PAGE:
new-york

Wallace Berman

The Jewish Museum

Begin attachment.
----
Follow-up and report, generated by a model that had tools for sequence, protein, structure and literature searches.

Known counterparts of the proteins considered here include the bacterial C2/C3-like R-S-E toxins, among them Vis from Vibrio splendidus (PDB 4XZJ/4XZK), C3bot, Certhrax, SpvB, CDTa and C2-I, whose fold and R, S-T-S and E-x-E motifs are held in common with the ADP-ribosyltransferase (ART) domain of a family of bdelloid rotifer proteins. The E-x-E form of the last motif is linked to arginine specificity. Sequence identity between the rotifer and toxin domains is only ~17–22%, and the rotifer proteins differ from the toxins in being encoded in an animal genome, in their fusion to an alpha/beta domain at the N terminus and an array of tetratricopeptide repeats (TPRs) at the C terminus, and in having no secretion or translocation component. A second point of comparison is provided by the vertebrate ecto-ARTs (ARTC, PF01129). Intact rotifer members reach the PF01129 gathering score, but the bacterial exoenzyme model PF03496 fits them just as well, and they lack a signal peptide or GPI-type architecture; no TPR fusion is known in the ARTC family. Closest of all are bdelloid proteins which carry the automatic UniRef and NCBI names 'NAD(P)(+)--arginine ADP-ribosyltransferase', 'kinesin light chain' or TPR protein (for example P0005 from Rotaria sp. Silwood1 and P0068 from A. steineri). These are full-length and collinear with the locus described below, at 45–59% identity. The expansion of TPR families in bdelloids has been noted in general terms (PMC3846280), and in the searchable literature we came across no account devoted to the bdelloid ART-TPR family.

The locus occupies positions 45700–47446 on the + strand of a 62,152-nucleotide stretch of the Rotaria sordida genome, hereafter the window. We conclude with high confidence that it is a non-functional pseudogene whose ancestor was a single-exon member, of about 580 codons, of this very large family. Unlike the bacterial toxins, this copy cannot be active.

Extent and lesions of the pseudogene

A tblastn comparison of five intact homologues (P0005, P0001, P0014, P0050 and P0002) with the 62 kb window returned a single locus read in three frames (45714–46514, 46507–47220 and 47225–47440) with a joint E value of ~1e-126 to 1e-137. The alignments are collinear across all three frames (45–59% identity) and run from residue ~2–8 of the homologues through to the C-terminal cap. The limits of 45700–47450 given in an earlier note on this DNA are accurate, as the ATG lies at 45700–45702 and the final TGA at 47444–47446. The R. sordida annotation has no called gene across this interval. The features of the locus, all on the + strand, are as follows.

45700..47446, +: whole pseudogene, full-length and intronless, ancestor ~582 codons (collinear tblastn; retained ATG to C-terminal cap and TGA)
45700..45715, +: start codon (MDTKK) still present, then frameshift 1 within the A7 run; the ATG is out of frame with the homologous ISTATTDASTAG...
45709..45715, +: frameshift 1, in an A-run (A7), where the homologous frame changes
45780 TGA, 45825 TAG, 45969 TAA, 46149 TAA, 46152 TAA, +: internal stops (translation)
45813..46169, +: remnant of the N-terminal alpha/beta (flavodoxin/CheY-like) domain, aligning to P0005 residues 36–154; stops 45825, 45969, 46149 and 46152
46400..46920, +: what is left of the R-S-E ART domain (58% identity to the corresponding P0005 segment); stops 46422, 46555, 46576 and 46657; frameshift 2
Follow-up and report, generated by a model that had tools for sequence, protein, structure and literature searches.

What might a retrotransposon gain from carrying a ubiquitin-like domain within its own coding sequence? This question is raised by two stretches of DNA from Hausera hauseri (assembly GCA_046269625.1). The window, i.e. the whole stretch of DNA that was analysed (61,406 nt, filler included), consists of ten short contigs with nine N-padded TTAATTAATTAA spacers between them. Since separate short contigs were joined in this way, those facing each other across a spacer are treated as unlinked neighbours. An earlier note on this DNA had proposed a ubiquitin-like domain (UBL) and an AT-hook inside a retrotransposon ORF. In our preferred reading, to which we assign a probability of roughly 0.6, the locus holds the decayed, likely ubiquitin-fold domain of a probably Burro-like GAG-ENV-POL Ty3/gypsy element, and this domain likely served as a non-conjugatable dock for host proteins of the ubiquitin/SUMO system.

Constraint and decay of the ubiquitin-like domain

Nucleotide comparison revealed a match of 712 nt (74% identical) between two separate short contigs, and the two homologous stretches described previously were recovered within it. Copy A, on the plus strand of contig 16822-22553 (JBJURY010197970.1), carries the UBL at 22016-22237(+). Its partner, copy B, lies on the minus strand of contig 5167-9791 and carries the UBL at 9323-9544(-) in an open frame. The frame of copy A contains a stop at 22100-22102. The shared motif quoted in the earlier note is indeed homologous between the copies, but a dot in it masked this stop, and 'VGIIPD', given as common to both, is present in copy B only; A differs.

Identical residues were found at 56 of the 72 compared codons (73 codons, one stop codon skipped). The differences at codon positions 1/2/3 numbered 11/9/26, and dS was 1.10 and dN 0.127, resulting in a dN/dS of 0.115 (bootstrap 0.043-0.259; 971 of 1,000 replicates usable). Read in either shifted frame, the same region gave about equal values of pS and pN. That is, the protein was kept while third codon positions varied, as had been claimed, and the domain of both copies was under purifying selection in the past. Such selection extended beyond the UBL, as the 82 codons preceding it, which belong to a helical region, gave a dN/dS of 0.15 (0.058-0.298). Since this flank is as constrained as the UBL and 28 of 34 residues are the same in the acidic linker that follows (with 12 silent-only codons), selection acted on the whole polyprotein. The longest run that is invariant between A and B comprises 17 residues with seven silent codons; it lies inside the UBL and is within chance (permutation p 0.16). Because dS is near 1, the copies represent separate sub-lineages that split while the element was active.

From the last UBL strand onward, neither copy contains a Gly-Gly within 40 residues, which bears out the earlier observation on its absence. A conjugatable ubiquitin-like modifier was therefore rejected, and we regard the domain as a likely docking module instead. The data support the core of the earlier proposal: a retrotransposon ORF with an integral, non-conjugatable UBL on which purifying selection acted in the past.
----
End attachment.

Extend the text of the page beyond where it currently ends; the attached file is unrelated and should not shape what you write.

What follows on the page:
There is no longer any question that at least one part of art (and probably not that part of it which passes for high art) is given value on grounds extrinsic to the produced object—Beardsley, Duchamp, Ben Shahn and Larry Rivers, to pluck at random among differing levels of achievement, are cases in point. Certainly, Andy Warhol’s life style (as the current locution has it) is central to our vision of his production. I make these observations to suggest that were I from the West Coast I doubtless would have a considerably higher opinion of Wallace Berman's work than I did on seeing it here in New York for the first time. John Coplans's article on Berman (Artforum, March, 1964) apprised me of Berman's central influence on the coastal mode, particularly that of the assemblagists. Coplans cited George Herms, Bruce Connor and even Edward Kienholz, among others, the same group which James Monte

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